This city, like any city, is not a random pastiche, but rather is subject to rules, standards, procedures, a reigning intelligence. Washington is an intelligent city, all the way down to the curbs. In most cities and virtually all suburbs, the curbs are concrete. A concrete curb is vanilla-colored, with a rounded edge and granular surface. But in Washington, curbs are granite. A granite curb is darker, bigger, and holds a sharp corner; the streets are more dramatically delineated. The downside to granite is that it costs twice as much per linear foot as concrete. One foot is $30 worth of stone. The upside is that it lasts forever.The light and oxygen come courtesy of the city’s famous height restriction, passed in 1910. In general, a building can be 20 feet higher than the width of the street on which it fronts — to a maximum of 130 feet, no more. Shorter buildings are a Washington tradition going back to 1800; Jefferson had wanted a height limit like that of Paris, where homes were “low and convenient, and the streets light and airy.”The big trees are no fluke either. A hundred years ago, the celebration of the 400th anniversary of Columbus’s voyage inspired the idea of the “City Beautiful,” and in Washington city planners set about burying the phone lines and planting 65,000 saplings. When you see a mighty oak bursting from its tiny box between the sidewalk and the street, remember that someone once envisioned that.The city now has a block-by-block computer list of its trees: Norway maples, pin oaks, ginkgoes, little-leaf lindens, sugar maples, scarlet oaks (famous for foliage), and so on. On the busiest downtown streets the city plants something called a Bloodgood plane tree. “It’s a type of tree that really takes a beating,” Charles Lindsey, a city tree inspector for 32 years, told me one day when we walked around downtown. Lindsey can explain why there is paper wrapped around the trunks of saplings: It’s to keep car doors from gouging the bark. A tree can die from leaking sap as surely as a person with a gunshot wound can die bleeding.Another day I got led around by James Goode, a local historian, who knows as much about buildings as Lindsey knows about trees. Goode explained all those architectural gewgaws and doodads — the things more subtle than a gargoyle, more elegantly named than a porch. Those covered decks atop apartment buildings — those are “summer houses.” Goode pointed out that the Blaine Mansion at Dupont Circle still has the original porte-cochere, the carriage porch (where I come from you’d probably call it a carport). And if you look really closely at its balcony railings, you’ll see sunflower designs, which are loaded with meaning, because the sunflower was the symbol of the “aesthetic movement” of the 1880s. Frankly, though, I prefer the symbolism of the carved figures along the roof of 2101 Connecticut Ave. They’re not gargoyles — they’re men holding balls over their heads as though they’re going to hurl them down upon unsuspecting pedestrians.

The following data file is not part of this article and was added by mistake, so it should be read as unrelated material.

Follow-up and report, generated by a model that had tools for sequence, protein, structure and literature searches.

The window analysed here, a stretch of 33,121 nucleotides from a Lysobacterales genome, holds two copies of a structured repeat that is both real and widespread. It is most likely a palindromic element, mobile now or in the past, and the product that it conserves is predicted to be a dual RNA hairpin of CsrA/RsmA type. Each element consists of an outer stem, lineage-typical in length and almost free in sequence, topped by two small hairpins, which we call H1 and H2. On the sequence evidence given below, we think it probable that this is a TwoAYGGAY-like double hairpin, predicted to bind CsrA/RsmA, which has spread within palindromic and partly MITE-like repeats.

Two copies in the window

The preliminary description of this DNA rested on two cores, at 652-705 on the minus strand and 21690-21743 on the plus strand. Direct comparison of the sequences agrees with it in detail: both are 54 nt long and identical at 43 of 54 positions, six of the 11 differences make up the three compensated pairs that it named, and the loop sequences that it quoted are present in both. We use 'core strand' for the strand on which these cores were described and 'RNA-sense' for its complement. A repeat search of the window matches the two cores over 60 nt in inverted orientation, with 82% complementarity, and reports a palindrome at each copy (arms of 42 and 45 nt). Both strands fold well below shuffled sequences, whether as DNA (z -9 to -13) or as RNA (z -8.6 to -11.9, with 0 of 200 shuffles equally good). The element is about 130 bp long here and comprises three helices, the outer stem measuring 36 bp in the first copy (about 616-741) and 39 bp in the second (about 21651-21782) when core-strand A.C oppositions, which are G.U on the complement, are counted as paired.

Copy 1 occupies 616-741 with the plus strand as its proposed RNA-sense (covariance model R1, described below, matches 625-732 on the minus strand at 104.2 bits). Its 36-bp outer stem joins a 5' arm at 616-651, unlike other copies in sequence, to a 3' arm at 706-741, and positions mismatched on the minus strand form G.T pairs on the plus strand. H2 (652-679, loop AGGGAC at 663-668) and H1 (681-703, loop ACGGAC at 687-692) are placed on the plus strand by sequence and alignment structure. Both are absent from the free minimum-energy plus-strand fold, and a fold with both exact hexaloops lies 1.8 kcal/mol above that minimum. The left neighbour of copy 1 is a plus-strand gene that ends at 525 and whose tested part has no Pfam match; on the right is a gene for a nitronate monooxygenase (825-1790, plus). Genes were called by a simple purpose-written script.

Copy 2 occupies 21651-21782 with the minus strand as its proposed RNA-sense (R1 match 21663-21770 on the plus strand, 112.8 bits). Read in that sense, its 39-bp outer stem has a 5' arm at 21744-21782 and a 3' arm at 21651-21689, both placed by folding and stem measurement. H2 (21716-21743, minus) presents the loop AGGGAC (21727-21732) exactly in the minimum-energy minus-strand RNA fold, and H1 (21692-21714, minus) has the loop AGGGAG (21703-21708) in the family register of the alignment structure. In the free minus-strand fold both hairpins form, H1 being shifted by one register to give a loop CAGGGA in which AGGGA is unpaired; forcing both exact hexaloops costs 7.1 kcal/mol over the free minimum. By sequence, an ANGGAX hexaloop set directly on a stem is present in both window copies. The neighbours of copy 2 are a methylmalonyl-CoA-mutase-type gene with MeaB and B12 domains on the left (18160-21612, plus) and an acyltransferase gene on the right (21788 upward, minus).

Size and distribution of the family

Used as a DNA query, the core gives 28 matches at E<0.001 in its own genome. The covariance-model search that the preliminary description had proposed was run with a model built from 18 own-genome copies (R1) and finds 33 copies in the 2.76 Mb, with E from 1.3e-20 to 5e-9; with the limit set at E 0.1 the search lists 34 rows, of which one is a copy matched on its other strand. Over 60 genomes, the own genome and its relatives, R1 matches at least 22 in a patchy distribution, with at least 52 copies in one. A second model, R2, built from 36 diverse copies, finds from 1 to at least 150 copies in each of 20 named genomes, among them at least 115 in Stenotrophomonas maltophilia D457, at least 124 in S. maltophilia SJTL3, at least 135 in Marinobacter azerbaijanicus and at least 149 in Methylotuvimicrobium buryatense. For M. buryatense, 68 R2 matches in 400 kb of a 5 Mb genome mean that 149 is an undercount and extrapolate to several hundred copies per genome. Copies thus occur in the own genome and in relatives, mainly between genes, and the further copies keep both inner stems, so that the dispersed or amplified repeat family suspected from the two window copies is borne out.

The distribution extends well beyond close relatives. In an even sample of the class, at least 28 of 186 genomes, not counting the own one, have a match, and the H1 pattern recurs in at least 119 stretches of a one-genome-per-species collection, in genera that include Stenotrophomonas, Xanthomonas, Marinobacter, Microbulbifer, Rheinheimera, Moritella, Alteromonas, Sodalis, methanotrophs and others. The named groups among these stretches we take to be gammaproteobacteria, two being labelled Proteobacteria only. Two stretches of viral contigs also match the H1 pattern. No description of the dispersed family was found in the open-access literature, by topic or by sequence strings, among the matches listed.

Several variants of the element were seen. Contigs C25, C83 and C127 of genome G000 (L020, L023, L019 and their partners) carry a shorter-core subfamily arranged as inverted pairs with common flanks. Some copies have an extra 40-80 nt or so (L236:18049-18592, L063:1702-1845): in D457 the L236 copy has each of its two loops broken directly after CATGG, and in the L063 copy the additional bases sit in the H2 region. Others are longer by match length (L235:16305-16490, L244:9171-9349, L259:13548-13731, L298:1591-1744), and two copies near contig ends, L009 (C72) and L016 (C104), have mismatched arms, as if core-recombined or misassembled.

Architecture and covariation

January 19, 2017 at 12:29 PM EST